Clearly, we are to understand that hearing is the intended means for blessing providing the Word to the decision-making capability of the human mind, but that the choice of HOW to hear and respond is ours alone, and individually.

Fruitful Hearing:
And these are they which are sown on good ground; such as hear the word, and receive it, and bring forth fruit, some thirtyfold, some sixty, and some an hundred. (vs 19-20)

The word was not intended to condemn, and Mark’s simple representation here demonstrates: For the intended purpose of the seed, the sower only requires the ground to Hear and to Receive. So, contrary to the Calvinist heresy, it is possible to receive, or not to receive. “Receive” is originally ‘paradechomai’ (παραδέχομαι), or as Strongs defines “to accept near, that is, admit or (by implication) delight in:”, so one must not only hear well, giving place and diligence to know the message of God, but also delight in and savor the Truth. We cannot bypass Jesus profound declaration “I am the way, the truth and the life”.

When we pray and engage in sincere surrendered communication with God, we are loving truth. When we study and receive the Word of God, we are loving truth. When we do the will of God which His spirit has brought to our thoughts, we are loving truth, and when we do not, we are making it increasingly unlikely that the seed will produce the fruit of life, in ourselves and others, now and in eternity.

Good ground is defined with greater detail in Luke 8:15 “But that on the good ground are they, which in an honest and good heart, having heard the word, keep it, and bring forth fruit with patience.”

Comparing Mark 4:20 with this rendition in Luke’s gospel, we see that to RECEIVE the seed is to KEEP (or ‘seize and hold fast’) the seed. Luke adds a detail we ought to consider and value here. Those which are “good ground” are considered by God to have “honest and good heart”.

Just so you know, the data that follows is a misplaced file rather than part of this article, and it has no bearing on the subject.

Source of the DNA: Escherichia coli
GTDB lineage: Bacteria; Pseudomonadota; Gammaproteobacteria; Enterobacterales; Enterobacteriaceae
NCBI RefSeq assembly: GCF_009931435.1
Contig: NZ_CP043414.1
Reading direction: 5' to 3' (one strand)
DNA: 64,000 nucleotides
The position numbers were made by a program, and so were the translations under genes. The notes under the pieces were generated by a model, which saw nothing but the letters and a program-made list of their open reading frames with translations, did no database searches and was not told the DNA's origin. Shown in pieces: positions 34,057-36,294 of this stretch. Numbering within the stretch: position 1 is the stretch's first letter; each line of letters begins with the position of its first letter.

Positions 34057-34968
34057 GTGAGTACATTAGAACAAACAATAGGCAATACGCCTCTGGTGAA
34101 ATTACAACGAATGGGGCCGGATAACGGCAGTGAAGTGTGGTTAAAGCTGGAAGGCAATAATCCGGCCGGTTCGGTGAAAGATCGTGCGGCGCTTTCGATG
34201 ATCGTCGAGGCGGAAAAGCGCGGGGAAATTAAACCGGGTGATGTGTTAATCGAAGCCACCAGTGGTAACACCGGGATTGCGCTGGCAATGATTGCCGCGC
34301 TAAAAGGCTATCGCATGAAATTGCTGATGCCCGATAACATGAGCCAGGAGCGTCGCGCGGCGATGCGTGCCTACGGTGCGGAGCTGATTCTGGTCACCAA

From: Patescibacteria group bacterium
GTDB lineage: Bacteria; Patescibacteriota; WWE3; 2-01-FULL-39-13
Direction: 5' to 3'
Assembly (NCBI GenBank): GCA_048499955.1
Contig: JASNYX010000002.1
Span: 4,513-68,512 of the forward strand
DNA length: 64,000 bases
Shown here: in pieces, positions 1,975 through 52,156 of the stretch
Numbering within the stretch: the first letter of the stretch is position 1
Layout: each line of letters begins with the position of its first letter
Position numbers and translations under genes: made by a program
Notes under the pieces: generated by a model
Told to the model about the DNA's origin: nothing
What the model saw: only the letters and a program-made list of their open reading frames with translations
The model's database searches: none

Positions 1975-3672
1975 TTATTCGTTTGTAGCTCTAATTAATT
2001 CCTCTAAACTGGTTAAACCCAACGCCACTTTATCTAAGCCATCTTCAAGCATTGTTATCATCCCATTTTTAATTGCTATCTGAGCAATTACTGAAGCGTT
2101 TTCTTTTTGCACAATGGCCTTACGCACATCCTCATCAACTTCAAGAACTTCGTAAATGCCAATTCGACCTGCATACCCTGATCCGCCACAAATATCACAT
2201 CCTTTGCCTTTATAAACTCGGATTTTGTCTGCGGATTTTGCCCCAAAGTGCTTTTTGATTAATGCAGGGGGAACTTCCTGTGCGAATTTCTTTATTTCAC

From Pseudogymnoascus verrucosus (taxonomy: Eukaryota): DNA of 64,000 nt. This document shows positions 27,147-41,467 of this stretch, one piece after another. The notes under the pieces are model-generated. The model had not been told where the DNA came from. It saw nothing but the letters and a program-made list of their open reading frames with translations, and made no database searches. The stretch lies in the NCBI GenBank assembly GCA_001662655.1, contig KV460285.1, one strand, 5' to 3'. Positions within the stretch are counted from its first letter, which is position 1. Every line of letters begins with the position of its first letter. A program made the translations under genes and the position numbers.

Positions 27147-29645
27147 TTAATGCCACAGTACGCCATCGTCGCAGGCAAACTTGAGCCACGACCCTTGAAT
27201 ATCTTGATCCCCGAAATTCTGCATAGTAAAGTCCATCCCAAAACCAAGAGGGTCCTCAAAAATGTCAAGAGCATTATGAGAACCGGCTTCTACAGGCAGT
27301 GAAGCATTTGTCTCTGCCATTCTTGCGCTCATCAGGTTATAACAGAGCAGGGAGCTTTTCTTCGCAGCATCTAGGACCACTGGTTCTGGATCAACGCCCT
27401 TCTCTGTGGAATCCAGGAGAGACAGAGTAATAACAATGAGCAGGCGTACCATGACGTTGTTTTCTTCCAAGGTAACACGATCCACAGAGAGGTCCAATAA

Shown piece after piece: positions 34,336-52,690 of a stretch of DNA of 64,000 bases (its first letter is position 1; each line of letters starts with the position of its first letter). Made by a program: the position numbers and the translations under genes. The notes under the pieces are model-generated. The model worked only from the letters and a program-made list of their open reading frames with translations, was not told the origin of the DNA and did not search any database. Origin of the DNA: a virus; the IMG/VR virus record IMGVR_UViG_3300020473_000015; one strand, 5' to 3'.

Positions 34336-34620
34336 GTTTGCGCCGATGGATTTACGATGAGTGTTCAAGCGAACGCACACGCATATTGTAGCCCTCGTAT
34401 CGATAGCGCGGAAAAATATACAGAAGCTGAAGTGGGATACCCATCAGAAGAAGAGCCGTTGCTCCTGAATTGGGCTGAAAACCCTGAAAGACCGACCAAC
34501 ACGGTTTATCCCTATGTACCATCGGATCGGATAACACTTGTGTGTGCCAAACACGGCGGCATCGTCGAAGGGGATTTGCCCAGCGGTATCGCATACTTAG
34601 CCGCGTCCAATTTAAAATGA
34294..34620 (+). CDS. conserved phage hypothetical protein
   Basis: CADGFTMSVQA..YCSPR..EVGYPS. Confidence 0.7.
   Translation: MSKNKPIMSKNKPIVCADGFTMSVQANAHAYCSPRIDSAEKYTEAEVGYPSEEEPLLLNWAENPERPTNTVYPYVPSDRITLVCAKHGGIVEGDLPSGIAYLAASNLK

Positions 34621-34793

We do not believe in man’s goodness, no. As Jesus said, “There is one good but one”, and we do not believe that any ever born who do not need true salvation for eternal life but we do believe in the honest and good heart. This is what God is seeking when he sows the seed of the gospel into the human race.

The response to the gospel is the single and only qualifying evaluation which God uses to initially separate man, and take further steps towards our hope. A more impersonal picture is present in the parable of the nets.

Now when he had left speaking, he said unto Simon, Launch out into the deep, and let down your nets for a draught. And Simon answering said unto him, Master, we have toiled all the night, and have taken nothing: nevertheless at thy word I will let down the net. And when they had this done, they inclosed a great multitude of fishes: and their net brake. And they beckoned unto their partners, which were in the other ship, that they should come and help them. And they came, and filled both the ships, so that they began to sink. When Simon Peter saw it, he fell down at Jesus’ knees, saying, Depart from me; for I am a sinful man, O Lord. For he was astonished, and all that were with him, at the draught of the fishes which they had taken: And so was also James, and John, the sons of Zebedee, which were partners with Simon. And Jesus said unto Simon, Fear not; from henceforth thou shalt catch men. And when they had brought their ships to land, they forsook all, and followed him.
(Luk 5:4-11)

God is seeking a harvest. The honest and good heart is caught in the net which will lift a soul from the timely constraints of this life. Not all of them are clean fish, but God is not sorting out the catch until we join Him on shore. Neither should we.

Preach the gospel!